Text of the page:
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Presidential Hopefuls Lining Up at Texas ATM

As the 2016 presidential race heats up, Texas is again playing host to a wave of campaign fundraisers, with at least four major candidates passing through over the next month or so.

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Texas is set to experience another wave of presidential fundraising as the 2016 race kicks into high gear, with at least four White House hopefuls turning to the state that evokes endless comparisons to an ATM in the next several weeks.

The series of fundraisers highlights the perennial dash for campaign cash in Texas, more hectic than usual ahead of the 2016 election thanks to a crowded GOP field and several candidates — declared or otherwise — who can claim strong ties to the Lone Star State. 

First up in the latest round of rainmaking is former Florida Gov. Jeb Bush's fundraising juggernaut, which hits Houston on Wednesday. Bush's sons — Jeb Jr. and George P., the Texas land commissioner — will headline a reception aimed at young professionals that will benefit their dad's Right to Rise super PAC, according to an invitation. Many of the hosts, who include Jeb Bush's nephew Pierce, have ties to Maverick PAC, the group George P. Bush started to mobilize young conservatives. 

The next day, the campaign of U.S. Sen. Marco Rubio, R-Fla., is hosting a breakfast fundraiser in Dallas to mark his birthday, according to an invitation. Among the chairmen and hosts of the event are prominent Dallas investors Tom Hicks, Robert Rowling and George Seay.

Later Thursday, the other Floridian's fundraising operation comes to Dallas for a second fundraiser starring Jeb Bush's two sons and geared toward young professionals. An invitation shows its hosts include former state Rep. Dan Branch and former Dallas County GOP Chairman Jonathan Neerman.

Then it is Texas Democrats' turn to open their checkbooks, with former Secretary of State Hillary Clinton expected to attend fundraisers June 3 and 4 in Austin, Dallas and Houston. She also plans to hold a public event or events in the state to show the Democratic front-runner is working hard for every vote, even in solid-red Texas. 

A few days after Clinton's swing through the state, U.S. Sen. Ted Cruz, R-Texas, is making a stop in the Rio Grande Valley, his campaign confirmed Friday. He is scheduled to attend a fundraiser June 9 in McAllen and tour the Doctors Hospital at Renaissance in Edinburg. Among Cruz's hosts in the Valley is Edinburg anesthesiologist Lawrence Gelman, a top executive at the hospital.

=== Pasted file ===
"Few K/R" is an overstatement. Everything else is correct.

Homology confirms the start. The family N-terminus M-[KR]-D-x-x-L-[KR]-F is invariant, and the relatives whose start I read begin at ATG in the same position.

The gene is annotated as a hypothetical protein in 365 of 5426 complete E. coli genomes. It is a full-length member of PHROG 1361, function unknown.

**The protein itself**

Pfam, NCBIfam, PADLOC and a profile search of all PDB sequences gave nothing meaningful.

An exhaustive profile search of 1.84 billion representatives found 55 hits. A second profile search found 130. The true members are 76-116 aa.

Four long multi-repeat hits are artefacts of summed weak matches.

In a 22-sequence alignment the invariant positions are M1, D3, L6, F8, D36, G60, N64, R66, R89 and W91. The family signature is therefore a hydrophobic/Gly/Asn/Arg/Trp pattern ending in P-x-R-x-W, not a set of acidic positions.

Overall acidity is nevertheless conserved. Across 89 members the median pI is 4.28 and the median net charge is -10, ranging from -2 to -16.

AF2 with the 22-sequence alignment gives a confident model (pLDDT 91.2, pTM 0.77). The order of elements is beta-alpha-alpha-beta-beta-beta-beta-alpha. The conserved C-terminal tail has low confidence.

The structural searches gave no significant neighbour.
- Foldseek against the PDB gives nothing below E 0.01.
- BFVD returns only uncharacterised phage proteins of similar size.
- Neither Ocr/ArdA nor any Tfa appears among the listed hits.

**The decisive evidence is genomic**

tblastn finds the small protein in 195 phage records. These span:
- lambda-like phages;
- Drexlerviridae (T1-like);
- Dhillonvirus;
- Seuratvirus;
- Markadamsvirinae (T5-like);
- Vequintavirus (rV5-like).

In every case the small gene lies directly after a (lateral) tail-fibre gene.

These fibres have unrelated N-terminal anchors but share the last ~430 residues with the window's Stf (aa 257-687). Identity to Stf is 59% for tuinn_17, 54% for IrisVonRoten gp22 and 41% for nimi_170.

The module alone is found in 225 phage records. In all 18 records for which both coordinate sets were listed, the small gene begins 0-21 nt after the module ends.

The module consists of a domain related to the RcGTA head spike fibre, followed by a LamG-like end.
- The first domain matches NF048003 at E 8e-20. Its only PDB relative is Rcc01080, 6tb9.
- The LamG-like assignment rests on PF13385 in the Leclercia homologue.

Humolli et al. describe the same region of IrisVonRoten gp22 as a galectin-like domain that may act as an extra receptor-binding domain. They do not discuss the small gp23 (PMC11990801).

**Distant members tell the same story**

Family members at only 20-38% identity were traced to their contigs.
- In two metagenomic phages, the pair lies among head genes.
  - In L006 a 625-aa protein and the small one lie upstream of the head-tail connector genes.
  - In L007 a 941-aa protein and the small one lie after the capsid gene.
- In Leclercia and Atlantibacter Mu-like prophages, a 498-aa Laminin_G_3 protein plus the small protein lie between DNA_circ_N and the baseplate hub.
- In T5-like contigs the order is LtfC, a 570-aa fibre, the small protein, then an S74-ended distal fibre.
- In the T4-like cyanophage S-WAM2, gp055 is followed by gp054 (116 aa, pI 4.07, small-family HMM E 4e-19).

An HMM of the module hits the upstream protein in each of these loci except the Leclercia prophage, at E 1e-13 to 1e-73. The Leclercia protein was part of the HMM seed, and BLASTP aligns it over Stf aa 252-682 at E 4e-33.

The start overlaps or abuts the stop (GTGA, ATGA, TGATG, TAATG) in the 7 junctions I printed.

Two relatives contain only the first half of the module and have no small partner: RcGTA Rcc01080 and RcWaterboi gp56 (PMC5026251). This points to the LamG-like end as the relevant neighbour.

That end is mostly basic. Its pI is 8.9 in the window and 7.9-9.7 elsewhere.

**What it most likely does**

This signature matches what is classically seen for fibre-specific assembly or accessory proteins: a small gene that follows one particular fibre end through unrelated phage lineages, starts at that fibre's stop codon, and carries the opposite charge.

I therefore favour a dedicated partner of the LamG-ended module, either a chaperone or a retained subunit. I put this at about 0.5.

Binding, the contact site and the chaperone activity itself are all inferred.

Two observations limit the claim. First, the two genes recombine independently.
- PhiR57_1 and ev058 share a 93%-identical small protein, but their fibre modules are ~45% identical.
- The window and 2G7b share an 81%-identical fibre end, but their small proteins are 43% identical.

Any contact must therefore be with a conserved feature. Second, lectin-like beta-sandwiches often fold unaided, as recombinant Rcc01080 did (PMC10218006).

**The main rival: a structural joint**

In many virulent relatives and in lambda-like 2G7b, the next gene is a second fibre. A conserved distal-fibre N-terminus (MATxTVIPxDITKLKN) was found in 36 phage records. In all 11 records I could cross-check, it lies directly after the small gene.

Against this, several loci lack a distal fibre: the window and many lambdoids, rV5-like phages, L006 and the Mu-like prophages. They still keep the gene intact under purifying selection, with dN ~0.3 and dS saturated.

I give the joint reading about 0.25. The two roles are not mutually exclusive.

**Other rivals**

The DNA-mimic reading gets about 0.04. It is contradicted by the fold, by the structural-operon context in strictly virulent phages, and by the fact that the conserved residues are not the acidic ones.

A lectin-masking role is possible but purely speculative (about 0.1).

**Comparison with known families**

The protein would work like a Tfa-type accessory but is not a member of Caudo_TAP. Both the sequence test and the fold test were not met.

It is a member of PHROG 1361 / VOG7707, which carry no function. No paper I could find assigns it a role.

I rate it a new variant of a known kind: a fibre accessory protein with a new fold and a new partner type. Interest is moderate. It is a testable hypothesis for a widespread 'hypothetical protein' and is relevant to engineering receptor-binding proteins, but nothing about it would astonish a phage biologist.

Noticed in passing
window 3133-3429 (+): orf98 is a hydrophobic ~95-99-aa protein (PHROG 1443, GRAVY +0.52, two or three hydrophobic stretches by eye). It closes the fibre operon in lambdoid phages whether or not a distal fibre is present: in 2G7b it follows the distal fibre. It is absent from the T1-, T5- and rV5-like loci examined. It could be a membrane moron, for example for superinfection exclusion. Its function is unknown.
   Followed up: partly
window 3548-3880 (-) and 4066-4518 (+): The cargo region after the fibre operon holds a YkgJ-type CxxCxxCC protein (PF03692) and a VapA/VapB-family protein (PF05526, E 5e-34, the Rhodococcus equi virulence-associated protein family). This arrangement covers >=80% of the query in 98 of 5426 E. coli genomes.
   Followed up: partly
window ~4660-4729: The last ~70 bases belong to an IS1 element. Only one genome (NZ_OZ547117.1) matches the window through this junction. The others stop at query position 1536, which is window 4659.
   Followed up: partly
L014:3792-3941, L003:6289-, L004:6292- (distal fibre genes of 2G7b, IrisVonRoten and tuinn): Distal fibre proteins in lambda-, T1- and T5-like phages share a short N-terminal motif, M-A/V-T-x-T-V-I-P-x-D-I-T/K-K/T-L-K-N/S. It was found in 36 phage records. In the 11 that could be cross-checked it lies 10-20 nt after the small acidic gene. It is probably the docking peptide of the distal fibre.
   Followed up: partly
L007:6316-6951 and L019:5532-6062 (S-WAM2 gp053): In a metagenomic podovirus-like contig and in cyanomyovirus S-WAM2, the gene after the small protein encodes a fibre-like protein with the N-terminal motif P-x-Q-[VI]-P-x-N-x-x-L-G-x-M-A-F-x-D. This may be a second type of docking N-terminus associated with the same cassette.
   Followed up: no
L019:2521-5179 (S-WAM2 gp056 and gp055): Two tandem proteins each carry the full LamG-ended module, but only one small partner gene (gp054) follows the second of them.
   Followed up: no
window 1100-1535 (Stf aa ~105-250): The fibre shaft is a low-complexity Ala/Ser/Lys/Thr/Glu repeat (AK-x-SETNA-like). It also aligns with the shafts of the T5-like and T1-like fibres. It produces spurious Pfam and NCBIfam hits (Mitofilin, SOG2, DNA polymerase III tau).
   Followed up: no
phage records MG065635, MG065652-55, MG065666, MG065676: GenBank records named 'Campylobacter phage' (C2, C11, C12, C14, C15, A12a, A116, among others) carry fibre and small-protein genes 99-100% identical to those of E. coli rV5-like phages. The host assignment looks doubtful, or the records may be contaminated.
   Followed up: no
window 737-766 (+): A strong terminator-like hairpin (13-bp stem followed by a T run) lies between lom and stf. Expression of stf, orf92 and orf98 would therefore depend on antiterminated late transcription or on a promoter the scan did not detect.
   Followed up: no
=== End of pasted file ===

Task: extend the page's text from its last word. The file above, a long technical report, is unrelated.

Finally, Rubio returns to Texas later in June for a fundraiser in Houston. An invitation shows one of the hosts of the June 22 event is Garrett Jackson, Mitt Romney's body man during the 2012 presidential race. Jackson, who now works in Houston, is informally organizing support for Rubio among young professionals in Texas.

The fundraisers for Rubio cost at least $500 per person to attend. That goes up to $2,700 to co-host, $10,000 to host and $25,000 to chair. Bush's events, meanwhile, are aimed at a younger crowd with more affordable attendance levels: at least $50 to get in, $500 to host, $2,500 to sponsor and $5,000 to co-chair. 

On the Republican side, the string of fundraisers continues to show some of Texas' most sought-after donors are hedging their bets. For example, Rowling was among the first major donors to Cruz's campaign, while Hicks hosted a fundraiser for Cruz last month. It was that event for which Cruz was criticized for skipping the final confirmation vote for Loretta Lynch, the attorney general nominee he fiercely opposed. 

The June trip will mark Clinton's first foray into Texas since launching her campaign last month. The other three candidates are otherwise no strangers to the Texas money circuit: The Bush fundraising machine has previously touched down in several of Texas' biggest cities, while Dallas and Houston were among Rubio's first stops after making his 2016 bid official last month. And Cruz has held several fundraisers in the state — most recently in Beaumont — since becoming the first major candidate to officially jump into the race in March. 

Abby Livingston contributed reporting.

Disclosure: Robert Rowling is a major donor to the The Texas Tribune. A complete list of Tribune donors and sponsors can be viewed here.

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